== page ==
Chlorotrifluoroethylene

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Chlorotrifluoroethylene[1]
Structural formula of chlorotrifluoroethylene
Ball-and-stick model of chlorotrifluoroethylene
Names
IUPAC name
1-Chloro-1,2,2-trifluoroethene
Other names
Chlorotrifluoroethene
Identifiers
79-38-9 YesY
ChemSpider 6345 YesY
Jmol-3D images Image
PubChem 6594
Properties
C2ClF3
Molar mass 116.47 g·mol−1
Appearance Colorless gas
Odor faint etheral odor
Density 1.54 g/cm3 at −60°C
Melting point −158.2 °C (−252.8 °F; 115.0 K)
Boiling point −27.8 °C (−18.0 °F; 245.3 K)
4.01 g/100 mL
Solubility soluble in benzene, chloroform
1.38 (0 °C)
Hazards
NFPA 704
Flammability code 4: Will rapidly or completely vaporize at normal atmospheric pressure and temperature, or is readily dispersed in air and will burn readily. Flash point below 23 °C (73 °F). E.g., propane Health code 3: Short exposure could cause serious temporary or residual injury. E.g., chlorine gas Reactivity code 3: Capable of detonation or explosive decomposition but requires a strong initiating source, must be heated under confinement before initiation, reacts explosively with water, or will detonate if severely shocked. E.g., fluorine Special hazards (white): no codeNFPA 704 four-colored diamond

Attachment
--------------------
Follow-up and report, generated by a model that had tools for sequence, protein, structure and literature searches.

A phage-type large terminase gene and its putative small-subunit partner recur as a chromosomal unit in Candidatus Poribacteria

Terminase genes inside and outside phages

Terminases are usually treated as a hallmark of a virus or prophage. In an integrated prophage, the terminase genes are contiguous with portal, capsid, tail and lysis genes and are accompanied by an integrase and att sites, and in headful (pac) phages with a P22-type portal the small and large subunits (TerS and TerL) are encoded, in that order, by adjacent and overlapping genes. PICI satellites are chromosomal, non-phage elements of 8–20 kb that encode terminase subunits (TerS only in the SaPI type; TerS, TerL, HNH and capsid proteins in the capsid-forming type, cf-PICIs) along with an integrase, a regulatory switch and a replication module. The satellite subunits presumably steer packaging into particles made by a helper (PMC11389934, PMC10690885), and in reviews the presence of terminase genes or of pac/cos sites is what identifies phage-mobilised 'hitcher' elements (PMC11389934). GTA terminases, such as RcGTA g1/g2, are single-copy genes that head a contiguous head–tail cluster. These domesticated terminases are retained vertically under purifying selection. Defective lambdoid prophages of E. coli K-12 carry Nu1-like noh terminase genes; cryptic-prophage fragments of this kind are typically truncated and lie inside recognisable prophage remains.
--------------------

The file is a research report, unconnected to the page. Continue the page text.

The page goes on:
Explosive limits 24-40.3%
Related compounds
Related compounds
Tetrafluoroethylene
Bromotrifluoroethylene
Trifluoroiodoethylene
Dichlorodifluoroethylene
Trichlorofluoroethylene
Tetrachloroethylene
Except where otherwise noted, data are given for materials in their standard state (at 25 °C [77 °F], 100 kPa).
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Infobox references

Chlorotrifluoroethylene (CTFE) is a chlorofluorocarbon with chemical formula CF2CClF. It is commonly used as a refrigerant in cryogenic applications. CTFE has a carbon-carbon double bond and so can be polymerized to form polychlorotrifluoroethylene or copolymerized to produce the plastic ECTFE. PCTFE has the trade name Neoflon PCTFE from Daikin Industries in Japan, and used to be produced under the trade name Kel-F from 3M Corporation in Minnesota.[2]

Production[edit]

Chlorotrifluoroethylene is produced commercially by the dechlorination of 1,1,2-trichloro-1,2,2-trifluoroethane with zinc in methanol.

In 2012, an estimated 1-10 million pounds were produced commercially in the United States.

References[edit]

  1. ^ Lide, David R. (1998). Handbook of Chemistry and Physics (87 ed.). Boca Raton, FL: CRC Press. pp. 3–126. ISBN 0-8493-0594-2. 
  2. ^ Aetna Plastics Corp. - Products. Services ... Solutions, Aetna Plastics Corp., pp. PCTFE / Kel–F® / Neoflon®, retrieved 3 February 2012